Campbell’s translation is spot on, with contemporary, flowing language whilst keeping the usefully vague geography of the piece. But this production is so much more than the text. A post-interval addition told by Anna-Maria Nabirye (“the only black actor in the show”) interrogates our conceptions of race in theatre, and even the Gate Theatre isn’t left off the hook. One of the startling things about this production is the way it uses a story about actors to provoke theatres, theatre-goers and creatives into political action. We could be apathetic, we could do another Chekhov, or we could try and change the way our audiences think, feel and respond to the world around them. Are they preaching to the converted? Possibly. But how often do you go to theatre and leave actually wanting to DO something?

Basia Binkowska’s design keeps the backstage onstage, with lighting desk and costume rail visible until the surprising and tender ending takes us back in time to Klaus Mann’s hotel room. A golden fun-house mirror makes up the back wall of the stage, offering the audience distorted reflections of themselves and the actors on stage. Kirsty Housley has directed a company where there are no weak links. The action is kept simple, the audience frequently directly addressed, the text divided cleverly between actors/narrators. Housley also uses space masterfully, expansive gaps between characters as well as closeted crowds in ways that make the empty stage seem anything but.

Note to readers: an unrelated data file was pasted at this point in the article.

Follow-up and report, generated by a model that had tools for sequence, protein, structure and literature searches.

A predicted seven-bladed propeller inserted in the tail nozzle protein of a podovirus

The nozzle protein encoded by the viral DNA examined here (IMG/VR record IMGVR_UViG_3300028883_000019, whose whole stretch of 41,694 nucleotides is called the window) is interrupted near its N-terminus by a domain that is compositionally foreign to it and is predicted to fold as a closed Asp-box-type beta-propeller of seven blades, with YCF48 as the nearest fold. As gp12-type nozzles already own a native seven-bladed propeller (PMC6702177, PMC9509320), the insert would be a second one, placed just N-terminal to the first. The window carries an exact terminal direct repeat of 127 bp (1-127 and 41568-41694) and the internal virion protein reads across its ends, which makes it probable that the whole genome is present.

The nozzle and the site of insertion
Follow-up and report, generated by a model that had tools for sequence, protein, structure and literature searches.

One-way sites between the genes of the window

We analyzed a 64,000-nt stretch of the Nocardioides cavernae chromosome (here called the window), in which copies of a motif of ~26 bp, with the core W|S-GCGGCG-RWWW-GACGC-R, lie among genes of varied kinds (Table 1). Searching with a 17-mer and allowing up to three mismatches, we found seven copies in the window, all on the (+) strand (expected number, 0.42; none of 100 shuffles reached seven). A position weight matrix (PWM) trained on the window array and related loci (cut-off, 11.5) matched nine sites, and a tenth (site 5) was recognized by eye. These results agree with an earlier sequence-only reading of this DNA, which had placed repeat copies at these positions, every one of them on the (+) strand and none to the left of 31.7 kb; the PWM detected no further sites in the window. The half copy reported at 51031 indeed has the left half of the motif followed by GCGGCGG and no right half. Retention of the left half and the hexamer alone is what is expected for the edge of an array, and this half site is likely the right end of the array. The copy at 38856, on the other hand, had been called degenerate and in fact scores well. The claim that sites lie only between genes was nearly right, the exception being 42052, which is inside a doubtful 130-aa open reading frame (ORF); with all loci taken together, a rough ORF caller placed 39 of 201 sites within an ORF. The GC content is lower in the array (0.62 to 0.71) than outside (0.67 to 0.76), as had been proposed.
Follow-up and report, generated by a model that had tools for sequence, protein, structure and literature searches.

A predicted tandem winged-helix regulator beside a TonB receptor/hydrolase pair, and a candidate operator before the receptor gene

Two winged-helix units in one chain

I have slight reservations about the ending of the play, which doesn’t add much to the two hours of theatre before, but it certainly doesn’t detract from the power of this production. ‘Mephisto [A Rhapsody]’ is something special. Radical, bold, political, funny, scary, shocking, moving – a truly transformational night at the theatre.